Thursday, December 28, 2017

A TWO-Point Night: Washington Capitals -- Game 39: Capitals 4 - Bruins 3 (OT/Gimmick)

The Washington Capitals extended their dominance over the Boston Bruins for one more game, coming back from an early 2-0 deficit to escape with a 4-3 Gimmick win over the Bruins to make it 12 straight wins over the B's.

First Period

The Caps and the…GOAL!  Wait, what?  The Bruins scored a goal just…GOAL!!  Another one??  Barely two minutes into the game, the Bruins had a 2-0 lead.  Guess they are a bit motivated, having last beaten the Caps when Millard Fillmore was President.  For the record, it was David Backes at 1:23 and Noel Acciari at 2:12 to open the scoring.  Boston had the first nine shot attempts before Nicklas Backstrom recorded a missed shot 3:01 into the period.

Brooks Orpik had a busy start to the period.  He was a minus-2 and took a fighting major in his first 1:50 of ice time covering two shifts.  Tom Wilson might have saved the Caps from falling three goals behind late in the period when, after goalie Braden Holtby tried to clear the puck from below his own goal line up the middle, hit Bruin Jake DeBrusk, who corralled the puck with a chance in front of him.  However, Wilson dove to get his stick on DeBrusk’s shot just enough to muffle it and allow Holtby to make the save.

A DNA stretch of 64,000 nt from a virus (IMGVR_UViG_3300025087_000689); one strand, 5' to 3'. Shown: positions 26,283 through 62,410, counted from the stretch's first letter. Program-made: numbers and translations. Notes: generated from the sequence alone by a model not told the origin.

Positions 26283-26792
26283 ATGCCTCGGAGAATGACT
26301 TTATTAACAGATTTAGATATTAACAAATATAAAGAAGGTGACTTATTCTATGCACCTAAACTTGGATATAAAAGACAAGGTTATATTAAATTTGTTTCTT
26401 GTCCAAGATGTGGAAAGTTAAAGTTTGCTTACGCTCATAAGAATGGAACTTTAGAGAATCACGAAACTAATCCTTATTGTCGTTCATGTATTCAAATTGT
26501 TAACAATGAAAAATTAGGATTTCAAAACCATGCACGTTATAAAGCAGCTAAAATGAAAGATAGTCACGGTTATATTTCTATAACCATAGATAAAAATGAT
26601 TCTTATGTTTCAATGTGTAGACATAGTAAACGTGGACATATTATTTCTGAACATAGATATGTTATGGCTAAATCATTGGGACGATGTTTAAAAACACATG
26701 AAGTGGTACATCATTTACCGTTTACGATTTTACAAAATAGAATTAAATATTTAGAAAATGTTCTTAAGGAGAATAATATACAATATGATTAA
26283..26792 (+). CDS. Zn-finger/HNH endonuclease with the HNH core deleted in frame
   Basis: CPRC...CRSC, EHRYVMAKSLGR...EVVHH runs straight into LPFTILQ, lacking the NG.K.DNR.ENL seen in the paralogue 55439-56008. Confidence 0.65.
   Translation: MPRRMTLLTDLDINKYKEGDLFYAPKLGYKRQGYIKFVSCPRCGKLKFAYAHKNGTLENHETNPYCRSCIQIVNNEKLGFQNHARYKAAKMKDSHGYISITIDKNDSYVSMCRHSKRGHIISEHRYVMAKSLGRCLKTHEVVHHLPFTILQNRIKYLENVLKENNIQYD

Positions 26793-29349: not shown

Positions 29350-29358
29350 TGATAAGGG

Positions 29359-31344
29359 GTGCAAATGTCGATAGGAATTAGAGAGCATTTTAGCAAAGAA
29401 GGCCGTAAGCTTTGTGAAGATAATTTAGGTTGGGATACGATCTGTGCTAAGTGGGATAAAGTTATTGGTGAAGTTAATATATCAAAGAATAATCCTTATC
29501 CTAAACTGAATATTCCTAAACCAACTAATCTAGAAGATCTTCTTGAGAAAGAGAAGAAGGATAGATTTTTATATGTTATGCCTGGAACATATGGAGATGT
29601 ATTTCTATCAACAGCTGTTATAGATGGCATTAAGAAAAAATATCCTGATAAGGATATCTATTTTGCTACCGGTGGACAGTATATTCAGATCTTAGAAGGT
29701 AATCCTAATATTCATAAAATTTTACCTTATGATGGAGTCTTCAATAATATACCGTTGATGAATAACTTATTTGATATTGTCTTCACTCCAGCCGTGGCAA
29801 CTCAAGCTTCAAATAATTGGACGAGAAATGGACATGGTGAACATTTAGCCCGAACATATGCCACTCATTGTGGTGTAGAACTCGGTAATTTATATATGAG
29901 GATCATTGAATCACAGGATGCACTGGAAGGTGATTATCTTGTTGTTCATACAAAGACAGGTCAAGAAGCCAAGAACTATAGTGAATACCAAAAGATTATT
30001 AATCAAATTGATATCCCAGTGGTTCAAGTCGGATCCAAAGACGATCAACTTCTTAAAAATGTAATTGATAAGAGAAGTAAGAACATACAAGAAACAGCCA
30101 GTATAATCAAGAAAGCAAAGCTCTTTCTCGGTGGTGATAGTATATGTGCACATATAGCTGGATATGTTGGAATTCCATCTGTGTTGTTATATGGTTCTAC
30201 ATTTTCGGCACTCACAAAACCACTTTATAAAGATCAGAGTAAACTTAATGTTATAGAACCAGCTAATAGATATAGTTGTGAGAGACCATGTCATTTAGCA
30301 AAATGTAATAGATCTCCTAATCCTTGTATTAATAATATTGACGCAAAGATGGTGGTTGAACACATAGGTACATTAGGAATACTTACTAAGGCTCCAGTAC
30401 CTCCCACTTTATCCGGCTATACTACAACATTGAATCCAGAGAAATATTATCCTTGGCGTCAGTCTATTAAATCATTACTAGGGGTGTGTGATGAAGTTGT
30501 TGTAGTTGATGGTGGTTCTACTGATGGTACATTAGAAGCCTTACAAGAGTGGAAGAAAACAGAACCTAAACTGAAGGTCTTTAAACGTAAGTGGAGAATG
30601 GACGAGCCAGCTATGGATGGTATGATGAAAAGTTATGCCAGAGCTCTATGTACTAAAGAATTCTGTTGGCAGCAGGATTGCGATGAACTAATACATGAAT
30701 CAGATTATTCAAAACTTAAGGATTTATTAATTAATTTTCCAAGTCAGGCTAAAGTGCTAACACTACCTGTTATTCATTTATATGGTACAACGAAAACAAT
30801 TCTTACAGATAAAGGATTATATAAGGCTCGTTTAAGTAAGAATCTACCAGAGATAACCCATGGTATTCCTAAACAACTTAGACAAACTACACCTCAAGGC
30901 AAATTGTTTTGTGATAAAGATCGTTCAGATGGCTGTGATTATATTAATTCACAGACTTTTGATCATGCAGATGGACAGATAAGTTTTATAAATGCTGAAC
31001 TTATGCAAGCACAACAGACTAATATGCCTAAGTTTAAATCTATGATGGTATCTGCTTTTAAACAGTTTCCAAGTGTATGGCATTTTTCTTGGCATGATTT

That would be how the period ended, the Bruins with a 14-1o edge in shots on goal and a 27-15 advantage in shot attempts.  The Caps spent another period having their faces taken off on faceoffs, losing 14 of 22 draws.  Only Lars Eller was over 50 percent (2-for-3).

Second Period

Boston piled up shot attempts to open the period, taking a 41-21 advantage eight minutes into the period.  But the Caps slowly reeled the Bruins in, and eventually they broke their scoreless streak at 177:32 of ice time with a Lars Eller goal 12:31 into the period.  It was the product of persistence on Eller’s part, following the puck through the offensive zone, around the Boston net, and eventually hunting it down as he was circling through the right wing circle.  From the high slot he ripped one across his body and past goalie Anton Khudobin, who will look at the film and want that chance back.  But the Caps were on the board…finally.